BY GIOVANNA ROMAZINI
Assistant News Editor
County College of Morris language department hosted the annual Language Coffee Hour Thursday, April 3 at Sheffield Hall study lounge, where students were able to gather information about studying abroad, career options, clubs and the languages honor society, according to the CCM website.
“The Language Coffee Hour has been done for about seven years,” said Professor Jose Ortiz Batista, Chairperson of the languages and ESL department. “Professors from all language departments are here to present and discuss options for fellow students who need or would like to take a CCM language course.”
Every year, guest speakers share their experiences on learning and using languages in their careers, according to Batista.
“This year we preferred to have an admission session instead of a guest speaker,” Batista said. “Advisement week is coming soon, so we felt it would be great to leave students prepared and aware of how useful a course could be in their career choices.”
During the admission session, Professor James Hart, Assistant Chairperson of the languages and ESL department, spoke to the students about the International Studies and the Study Abroad programs offered by CCM.
“The International Studies program is in the liberal arts curriculum and it has a more global perspective to it,” Hart said. “The student’s elective courses are restricted to those courses related to world history, world literatures and foreign languages. This is a major that has become increasingly more useful, as the world becomes more globalized.”
The Study Abroad Program is a supplement to the International Studies Program, according to Hart, with programs in 29 different countries, all directed through him.
“We belong to the College Consortium for International Studies and it is through the consortium schools that students can travel abroad,” he said. “We have many students who are returning from countries like Japan and Australia.”
Hart informed the students that the program is not restricted to certain majors, students from almost any major find that they can study abroad and still earn credit toward graduation.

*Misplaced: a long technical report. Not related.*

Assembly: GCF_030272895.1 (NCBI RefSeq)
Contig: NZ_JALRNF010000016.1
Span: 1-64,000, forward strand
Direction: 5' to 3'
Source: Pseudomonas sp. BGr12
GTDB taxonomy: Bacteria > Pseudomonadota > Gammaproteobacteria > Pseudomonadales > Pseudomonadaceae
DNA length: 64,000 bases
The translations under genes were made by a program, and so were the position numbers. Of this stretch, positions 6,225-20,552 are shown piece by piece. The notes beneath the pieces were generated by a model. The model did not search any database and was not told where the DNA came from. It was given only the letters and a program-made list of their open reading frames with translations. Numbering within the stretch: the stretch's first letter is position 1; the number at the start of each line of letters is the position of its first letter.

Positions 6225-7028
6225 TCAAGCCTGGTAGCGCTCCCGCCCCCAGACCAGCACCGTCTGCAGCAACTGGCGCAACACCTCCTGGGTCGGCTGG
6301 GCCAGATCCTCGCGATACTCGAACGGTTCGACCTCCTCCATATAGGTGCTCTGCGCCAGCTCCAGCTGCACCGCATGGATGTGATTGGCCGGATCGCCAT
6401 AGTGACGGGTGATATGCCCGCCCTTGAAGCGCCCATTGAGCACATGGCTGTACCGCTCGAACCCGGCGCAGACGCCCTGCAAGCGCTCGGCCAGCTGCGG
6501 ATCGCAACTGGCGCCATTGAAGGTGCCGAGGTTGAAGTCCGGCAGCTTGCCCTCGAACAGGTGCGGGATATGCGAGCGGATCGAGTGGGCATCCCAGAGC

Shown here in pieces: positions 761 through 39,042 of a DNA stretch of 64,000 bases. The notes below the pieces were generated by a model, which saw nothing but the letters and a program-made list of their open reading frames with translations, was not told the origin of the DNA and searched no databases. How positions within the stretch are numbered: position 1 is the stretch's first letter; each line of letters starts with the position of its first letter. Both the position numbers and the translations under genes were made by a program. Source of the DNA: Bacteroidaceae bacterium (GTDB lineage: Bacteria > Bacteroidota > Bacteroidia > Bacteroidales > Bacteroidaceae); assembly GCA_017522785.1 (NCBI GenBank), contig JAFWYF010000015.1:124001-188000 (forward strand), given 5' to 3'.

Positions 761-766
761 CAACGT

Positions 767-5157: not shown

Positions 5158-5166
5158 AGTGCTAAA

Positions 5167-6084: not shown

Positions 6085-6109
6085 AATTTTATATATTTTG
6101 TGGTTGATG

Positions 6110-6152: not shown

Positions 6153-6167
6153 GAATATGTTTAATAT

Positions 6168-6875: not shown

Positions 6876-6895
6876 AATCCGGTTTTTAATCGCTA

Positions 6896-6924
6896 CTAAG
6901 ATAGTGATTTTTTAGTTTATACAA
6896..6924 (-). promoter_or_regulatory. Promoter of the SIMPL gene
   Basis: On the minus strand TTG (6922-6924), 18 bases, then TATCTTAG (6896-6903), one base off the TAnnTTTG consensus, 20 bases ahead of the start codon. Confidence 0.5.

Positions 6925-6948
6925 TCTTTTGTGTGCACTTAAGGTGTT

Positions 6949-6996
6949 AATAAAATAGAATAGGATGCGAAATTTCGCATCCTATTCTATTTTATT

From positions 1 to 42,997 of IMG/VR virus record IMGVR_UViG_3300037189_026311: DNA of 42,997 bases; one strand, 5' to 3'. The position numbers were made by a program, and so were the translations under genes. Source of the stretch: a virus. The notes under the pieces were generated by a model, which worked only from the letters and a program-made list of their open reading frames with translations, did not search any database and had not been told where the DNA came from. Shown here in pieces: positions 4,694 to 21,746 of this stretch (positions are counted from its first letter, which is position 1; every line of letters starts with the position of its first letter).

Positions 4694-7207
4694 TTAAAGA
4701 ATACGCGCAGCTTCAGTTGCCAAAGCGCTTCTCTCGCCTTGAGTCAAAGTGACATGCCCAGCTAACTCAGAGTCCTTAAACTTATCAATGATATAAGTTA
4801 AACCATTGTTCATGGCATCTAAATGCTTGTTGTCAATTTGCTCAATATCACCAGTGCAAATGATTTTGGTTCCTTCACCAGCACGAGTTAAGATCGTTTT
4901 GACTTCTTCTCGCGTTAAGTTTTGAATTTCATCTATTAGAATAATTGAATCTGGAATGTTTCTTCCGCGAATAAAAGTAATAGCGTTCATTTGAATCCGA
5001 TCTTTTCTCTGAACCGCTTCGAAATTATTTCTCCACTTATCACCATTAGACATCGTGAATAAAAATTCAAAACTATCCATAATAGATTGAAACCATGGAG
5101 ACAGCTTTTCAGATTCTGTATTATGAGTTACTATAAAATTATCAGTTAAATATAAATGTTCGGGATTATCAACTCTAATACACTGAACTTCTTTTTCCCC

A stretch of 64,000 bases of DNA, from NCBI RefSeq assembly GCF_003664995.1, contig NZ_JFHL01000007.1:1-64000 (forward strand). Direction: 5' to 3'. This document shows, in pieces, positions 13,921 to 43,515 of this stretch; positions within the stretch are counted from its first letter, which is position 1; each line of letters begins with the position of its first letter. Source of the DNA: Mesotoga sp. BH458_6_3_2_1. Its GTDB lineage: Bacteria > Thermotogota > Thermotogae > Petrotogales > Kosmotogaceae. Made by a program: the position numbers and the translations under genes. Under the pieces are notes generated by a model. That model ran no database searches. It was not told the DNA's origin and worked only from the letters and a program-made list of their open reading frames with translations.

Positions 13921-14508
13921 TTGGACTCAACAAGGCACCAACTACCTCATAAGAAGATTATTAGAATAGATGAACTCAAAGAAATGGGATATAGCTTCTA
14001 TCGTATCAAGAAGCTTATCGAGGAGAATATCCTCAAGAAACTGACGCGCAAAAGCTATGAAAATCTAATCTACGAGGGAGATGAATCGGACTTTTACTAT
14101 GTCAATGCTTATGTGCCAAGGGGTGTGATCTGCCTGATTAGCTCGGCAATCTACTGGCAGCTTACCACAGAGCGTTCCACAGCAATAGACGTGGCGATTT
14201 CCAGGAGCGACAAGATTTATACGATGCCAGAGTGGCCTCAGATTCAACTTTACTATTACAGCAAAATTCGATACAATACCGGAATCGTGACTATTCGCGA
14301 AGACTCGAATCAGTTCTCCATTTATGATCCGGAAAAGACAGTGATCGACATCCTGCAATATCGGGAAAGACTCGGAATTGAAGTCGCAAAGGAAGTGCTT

The event also held a career options table hosted by Rosemary Grant, Associate Director of Career Services and Cooperative Education at CCM.
Grant guided students on how to use CCM jobs listing webpage and emphasized that at the moment there are many international companies looking for students who are able to communicate in German and French.
“It doesn’t matter the student major,” Grant said. “If the student can get language skills underdeveloped as a minor, whether on four years programs or just take courses here, the student will be above other candidates. It is very important in this competitive job market.”
French, Spanish, Russian, German and Italian students were able to interact and discover more about the language one’s studying during activities. Professors from each subject were also present to assist anyone interested in a course.
Natasha Griffith, liberal arts major at CCM, is currently taking French classes. She attended the Language Coffee Hour in hopes of gaining more members for her French club.
“I would love to practice the language more on campus, not only in the classroom,” Griffith said. “There are 15 students who have joined. We are waiting to be approved by the SGA and hopefully the club will launch in the fall.”
Language Coffee Hour is an effective approach on students. It shows a better perspective of all the benefits languages programs can bring. Those who could not attend and are interested in language courses can visit the Languages and ESL Department in DeMare Hall, room DH207.